A report released by the European Commission on Monday in Brussels highlighted the relative cost of onshore wind versus fossil fuel technologies like coal and gas, proving it to be the cheaper form of electricity generation in the region “when externalities are stacked with the levelised cost of energy and subsidies.”
The report (PDF), conducted by leading renewable energy consultancy firm Ecofys, ordered and endorsed by the European Commission, is the first report to ever quantify the whole of the European Union’s energy infrastructure, and the respective government interventions (ie, subsidies) therein.
Onshore Wind Out On Top
Taking into account “externalities” — such as air quality, climate change, and human toxicity, among others — onshore wind has an approximate cost of €105 per megawatt-hour (MWh). This comes in much cheaper than gas (up to €164), nuclear (€133) and coal (between €162-€233), while offshore wind comes in at €186 and solar PV has a cost of around €217.
Government intervention for renewable technologies was not dissimilar from those subsidies provided to more traditional technologies. Solar topped the list with €14.7 billion in subsidies and other government help, followed neatly by onshore wind and coal, both of which netted €10.1 billion.
News regarding the report has been confused this week, due in part to the nature of the Commission’s own public response. No mention was made by the European Union in the two press releases published on Monday announcing the report, which dealt with the report’s results on energy integration across the European Union, and “government interventions,” respectively.
In fact, it was a spokesperson from the European Wind Energy Association, Oliver Joy, who provided the EWEA’s press release, which finally highlighted the news.
The UK’s The Guardian asked the question whether maybe the report was “unwelcome in some quarters of the commission,” given that both press releases published Monday “published selective results from [the report] that did not include external health and pollution costs.”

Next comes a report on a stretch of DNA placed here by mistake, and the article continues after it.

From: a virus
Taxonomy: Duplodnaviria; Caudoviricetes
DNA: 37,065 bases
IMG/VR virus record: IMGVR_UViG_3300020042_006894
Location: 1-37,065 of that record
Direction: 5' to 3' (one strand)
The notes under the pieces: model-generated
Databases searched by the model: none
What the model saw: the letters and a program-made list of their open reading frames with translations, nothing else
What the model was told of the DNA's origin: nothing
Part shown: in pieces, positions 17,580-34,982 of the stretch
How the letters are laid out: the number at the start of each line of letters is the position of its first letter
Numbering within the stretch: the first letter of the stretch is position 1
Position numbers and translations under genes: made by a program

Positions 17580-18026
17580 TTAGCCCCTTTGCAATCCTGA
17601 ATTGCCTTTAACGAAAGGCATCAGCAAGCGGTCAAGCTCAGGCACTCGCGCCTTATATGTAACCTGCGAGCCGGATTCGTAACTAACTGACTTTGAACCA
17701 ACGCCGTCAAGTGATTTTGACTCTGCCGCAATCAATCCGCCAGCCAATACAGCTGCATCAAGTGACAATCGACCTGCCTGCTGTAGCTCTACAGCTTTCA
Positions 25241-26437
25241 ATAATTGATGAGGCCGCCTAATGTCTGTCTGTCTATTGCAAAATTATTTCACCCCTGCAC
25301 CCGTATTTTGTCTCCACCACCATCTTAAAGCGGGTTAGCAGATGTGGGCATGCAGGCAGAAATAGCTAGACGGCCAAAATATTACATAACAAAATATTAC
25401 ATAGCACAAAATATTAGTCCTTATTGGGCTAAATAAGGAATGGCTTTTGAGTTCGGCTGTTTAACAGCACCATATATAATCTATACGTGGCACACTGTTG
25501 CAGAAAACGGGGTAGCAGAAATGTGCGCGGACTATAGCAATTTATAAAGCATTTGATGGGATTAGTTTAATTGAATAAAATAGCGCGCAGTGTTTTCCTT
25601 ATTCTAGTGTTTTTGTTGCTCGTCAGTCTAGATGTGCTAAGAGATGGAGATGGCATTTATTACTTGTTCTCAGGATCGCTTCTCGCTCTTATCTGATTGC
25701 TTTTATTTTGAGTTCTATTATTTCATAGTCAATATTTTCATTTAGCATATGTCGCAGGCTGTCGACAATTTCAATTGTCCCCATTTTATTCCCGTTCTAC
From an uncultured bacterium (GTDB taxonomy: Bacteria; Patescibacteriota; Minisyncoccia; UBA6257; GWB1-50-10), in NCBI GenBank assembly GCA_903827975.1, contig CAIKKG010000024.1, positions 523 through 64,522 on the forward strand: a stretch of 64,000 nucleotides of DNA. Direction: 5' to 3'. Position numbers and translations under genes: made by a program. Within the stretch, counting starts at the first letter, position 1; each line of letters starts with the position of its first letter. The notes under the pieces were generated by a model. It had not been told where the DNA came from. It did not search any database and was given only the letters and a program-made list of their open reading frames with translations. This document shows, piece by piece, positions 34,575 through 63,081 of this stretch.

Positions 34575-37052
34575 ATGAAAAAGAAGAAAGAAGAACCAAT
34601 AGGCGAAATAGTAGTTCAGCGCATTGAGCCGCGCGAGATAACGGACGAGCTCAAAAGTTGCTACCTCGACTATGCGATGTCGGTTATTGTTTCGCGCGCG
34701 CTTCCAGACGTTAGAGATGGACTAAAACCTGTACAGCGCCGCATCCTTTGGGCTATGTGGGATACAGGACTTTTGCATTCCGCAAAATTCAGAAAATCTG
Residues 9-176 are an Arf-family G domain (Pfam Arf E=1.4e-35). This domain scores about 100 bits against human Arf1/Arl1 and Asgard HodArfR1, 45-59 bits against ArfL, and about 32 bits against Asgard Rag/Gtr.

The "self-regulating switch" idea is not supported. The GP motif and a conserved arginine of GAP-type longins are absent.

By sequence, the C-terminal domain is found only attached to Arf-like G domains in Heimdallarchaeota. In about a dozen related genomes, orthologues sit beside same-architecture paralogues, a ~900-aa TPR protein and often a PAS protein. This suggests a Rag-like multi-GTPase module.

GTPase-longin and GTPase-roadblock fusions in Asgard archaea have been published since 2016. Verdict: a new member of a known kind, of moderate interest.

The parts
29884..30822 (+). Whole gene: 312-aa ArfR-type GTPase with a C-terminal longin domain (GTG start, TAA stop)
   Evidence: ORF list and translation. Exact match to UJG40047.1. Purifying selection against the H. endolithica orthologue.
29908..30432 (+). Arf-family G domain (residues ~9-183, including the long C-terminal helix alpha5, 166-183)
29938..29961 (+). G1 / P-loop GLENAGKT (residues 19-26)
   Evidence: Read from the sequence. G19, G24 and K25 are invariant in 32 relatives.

The True Cost of Energy
“This report highlights the true cost of Europe’s dependence on fossil fuels,” said Justin Wilkes, deputy chief executive officer of the European Wind Energy Association. The report shows that not only are renewables unfairly “denigrated for being too expensive and a drain on the taxpayer,” according to Wilkes, but the report also shows “the alarming cost of coal” and how heavily reliant the industry is on similar government intervention as the solar industry.
Total support provided in the 28 Member States (in billion €2012), including EU level support.
As can be seen in the graph above, of the specific technologies receiving government support, coal and onshore wind line up quite neatly, with solar only a little ways out in front — one of the many reasons the renewable market is looking to solar for the greatest growth over the next few years.
“We are heavily subsidising the dirtiest form of electricity generation while proponents use coal’s supposed affordability as a justification for its continued use,” Wilkes continued. “The irony is that coal is the most expensive form of energy in the European Union.”
“Despite decades of heavy subsidies, mature coal and nuclear energy technologies are still dependent on similar levels of public support as innovative solar energy is receiving today,” added Frauke Thies, the policy director for the European Photovoltaic Industry Association, speaking to The Guardian.
“The difference is that costs of solar continue to decrease rapidly. If the unaccounted external costs to society are included, the report demonstrates that support to fossil fuels and nuclear even by far exceeds that to solar.”